Photograph by Maximilien Brice/CERN

Searching for the Higgs Boson

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    Few will enter the walled dome that houses the ATLAS and CMS (seen here) experiment collaborations at CERN, the European organization for nuclear research, near Geneva on the French-Swiss border. Inside CERN's coveted Large Hadron Collider, the world’s largest and most powerful particle accelerator, scientists believed to have discovered a Higgs boson last year—the long sought-after subatomic particle that explains why all matter in the universe has mass and can experience forces. Often misleadingly referred to as “the God particle” because of its importance in understanding the structure of matter, the Higgs boson does not have any relationship to religion. The LHC was built largely to prove or disprove the existence of the Higgs boson. Photographs taken this year, supplied by CERN, provide a rare view inside the actual Hadron particle collider as well as a look at the spaces in CERN where other cutting-edge particle physics experiments are happening.

    Photograph by Maximilien Brice/CERN
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    The Large Hadron Collider sits in a 17-mile-long, circular tunnel (illustrated here in yellow), more than 500 feet below ground at CERN, where protons are smashed into each other at nearly the speed of light. Its primary purpose is to study the basic components of matter: the fundamental particles. When the lab was founded in 1954, pure physics research at the time focused on the inside of the atom (hence “nuclear” in its name), but since then, pure physics research has evolved and now concentrates on particle physics, which studies both the constituents of matter and the forces acting on them.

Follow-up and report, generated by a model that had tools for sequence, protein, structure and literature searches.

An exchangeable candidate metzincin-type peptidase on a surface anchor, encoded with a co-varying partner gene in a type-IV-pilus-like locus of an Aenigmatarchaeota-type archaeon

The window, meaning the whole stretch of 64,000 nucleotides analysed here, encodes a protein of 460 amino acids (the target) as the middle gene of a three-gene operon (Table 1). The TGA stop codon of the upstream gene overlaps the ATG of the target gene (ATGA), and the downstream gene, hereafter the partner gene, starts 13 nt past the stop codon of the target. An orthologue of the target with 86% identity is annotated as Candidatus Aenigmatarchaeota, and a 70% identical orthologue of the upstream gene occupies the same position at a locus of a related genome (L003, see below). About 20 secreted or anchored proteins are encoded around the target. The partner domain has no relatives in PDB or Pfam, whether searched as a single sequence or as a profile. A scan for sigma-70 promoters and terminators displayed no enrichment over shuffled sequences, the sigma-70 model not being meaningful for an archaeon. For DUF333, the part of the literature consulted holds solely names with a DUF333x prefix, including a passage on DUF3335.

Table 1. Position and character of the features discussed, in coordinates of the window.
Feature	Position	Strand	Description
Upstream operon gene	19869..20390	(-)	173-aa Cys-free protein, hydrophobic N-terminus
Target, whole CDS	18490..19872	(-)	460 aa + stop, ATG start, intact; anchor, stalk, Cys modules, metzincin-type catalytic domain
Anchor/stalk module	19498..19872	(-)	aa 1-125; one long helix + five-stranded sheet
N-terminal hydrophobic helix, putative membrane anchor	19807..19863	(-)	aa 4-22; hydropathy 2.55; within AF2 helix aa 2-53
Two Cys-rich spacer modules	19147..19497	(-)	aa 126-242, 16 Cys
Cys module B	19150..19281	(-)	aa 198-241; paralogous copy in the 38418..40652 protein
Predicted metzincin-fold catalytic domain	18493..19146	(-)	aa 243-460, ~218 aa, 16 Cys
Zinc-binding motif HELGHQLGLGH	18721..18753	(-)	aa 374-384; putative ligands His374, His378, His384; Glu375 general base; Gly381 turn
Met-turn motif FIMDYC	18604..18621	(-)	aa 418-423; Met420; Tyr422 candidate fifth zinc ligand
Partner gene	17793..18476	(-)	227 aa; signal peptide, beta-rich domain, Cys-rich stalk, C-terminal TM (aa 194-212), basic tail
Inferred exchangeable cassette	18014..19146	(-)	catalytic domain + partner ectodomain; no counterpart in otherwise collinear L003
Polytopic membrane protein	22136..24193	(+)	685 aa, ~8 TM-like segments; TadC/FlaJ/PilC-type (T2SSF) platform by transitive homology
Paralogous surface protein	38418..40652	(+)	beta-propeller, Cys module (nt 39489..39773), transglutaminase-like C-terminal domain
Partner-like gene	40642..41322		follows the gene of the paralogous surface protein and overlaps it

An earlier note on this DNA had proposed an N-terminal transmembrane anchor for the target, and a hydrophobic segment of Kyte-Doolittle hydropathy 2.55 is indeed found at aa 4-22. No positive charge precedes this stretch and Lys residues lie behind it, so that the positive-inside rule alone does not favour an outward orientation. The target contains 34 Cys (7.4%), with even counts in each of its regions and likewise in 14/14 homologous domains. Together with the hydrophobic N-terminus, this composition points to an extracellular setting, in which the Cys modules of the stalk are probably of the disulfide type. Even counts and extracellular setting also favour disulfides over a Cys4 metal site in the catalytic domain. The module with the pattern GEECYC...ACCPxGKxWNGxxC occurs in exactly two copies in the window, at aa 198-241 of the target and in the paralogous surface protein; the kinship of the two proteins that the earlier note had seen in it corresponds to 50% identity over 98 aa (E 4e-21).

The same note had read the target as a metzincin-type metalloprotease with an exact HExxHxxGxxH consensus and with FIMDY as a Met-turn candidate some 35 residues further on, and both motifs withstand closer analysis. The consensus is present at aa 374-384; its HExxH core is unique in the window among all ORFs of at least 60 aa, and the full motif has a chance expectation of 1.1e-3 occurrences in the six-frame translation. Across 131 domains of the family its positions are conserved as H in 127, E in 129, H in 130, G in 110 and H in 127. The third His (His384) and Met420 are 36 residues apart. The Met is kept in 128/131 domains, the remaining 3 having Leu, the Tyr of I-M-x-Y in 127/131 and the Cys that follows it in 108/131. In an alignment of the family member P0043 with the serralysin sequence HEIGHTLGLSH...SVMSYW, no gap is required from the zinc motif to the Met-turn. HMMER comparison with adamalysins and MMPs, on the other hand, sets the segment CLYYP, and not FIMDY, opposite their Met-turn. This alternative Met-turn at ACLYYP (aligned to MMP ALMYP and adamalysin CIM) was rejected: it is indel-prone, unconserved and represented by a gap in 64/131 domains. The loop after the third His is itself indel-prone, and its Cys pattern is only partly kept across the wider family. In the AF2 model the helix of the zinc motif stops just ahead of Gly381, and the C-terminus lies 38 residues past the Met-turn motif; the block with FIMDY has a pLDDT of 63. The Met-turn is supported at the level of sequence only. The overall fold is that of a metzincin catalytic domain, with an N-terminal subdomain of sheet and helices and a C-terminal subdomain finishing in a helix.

Courtesy CERN
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    Measuring 82 feet long and 49 feet in diameter, and weighing about 12,500 tons, the Compact Muon Solenoid detector, or CMS, has been running constantly for three years.

    Photograph by Maximilien Brice/CERN
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    This is the first half of the CMS inner tracking barrel. Three layers of silicon modules, which must be able to survive high doses of radiation, are at the center of the CMS experiment.

    Photograph by Maximilien Brice/CERN
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    The CERN control center provides a central command unit for the particle accelerators, the cryogenic distribution line, and the technical infrastructure on the CERN site. The center can accommodate up to 13 operators, each with its own team of experts, at any one time.

    Photograph by Maximilien Brice, Courtesy CERN
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    This is the first opening of the interconnection in the tunnel of the Hadron collider during Long Shutdown 1, in the presence of of CERN Director General Professor Rolf Heuer.
    Photograph by Maximilien Brice/CERN
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    The Large Hadron Collider beauty experiment (LHCb) investigates the slight differences between matter and antimatter by studying the decay of the so-called beauty particles, anti-quark b and a quark d. This is point 8 of the LHCb underground area.

    Photograph by Anna Pantelia, Courtesy CERN
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    The collaring press at Building 180 produces large magnets for the supercollider.

    Photograph by Anna Pantelia/CERN
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    In February the collider closed for the Long Shutdown 1, which will last approximately two years, allowing for maintenance and upgrade.

    Photograph by Maximilien Brice/CERN
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    Because of the long distance between stations along the 17-mile circular tunnel housing the collider, workers ride bicycles to their sites.

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    After Long Shutdown 1 is complete, CERN is proposing a new underground accelerator with a circumference of 50 miles, three times the length of the current one. The new collider may explore other aspects of particle behavior, including gravity at a molecular level.

    Photograph by Michael Hoch/CERN, for the benefit of the CMS Collaboration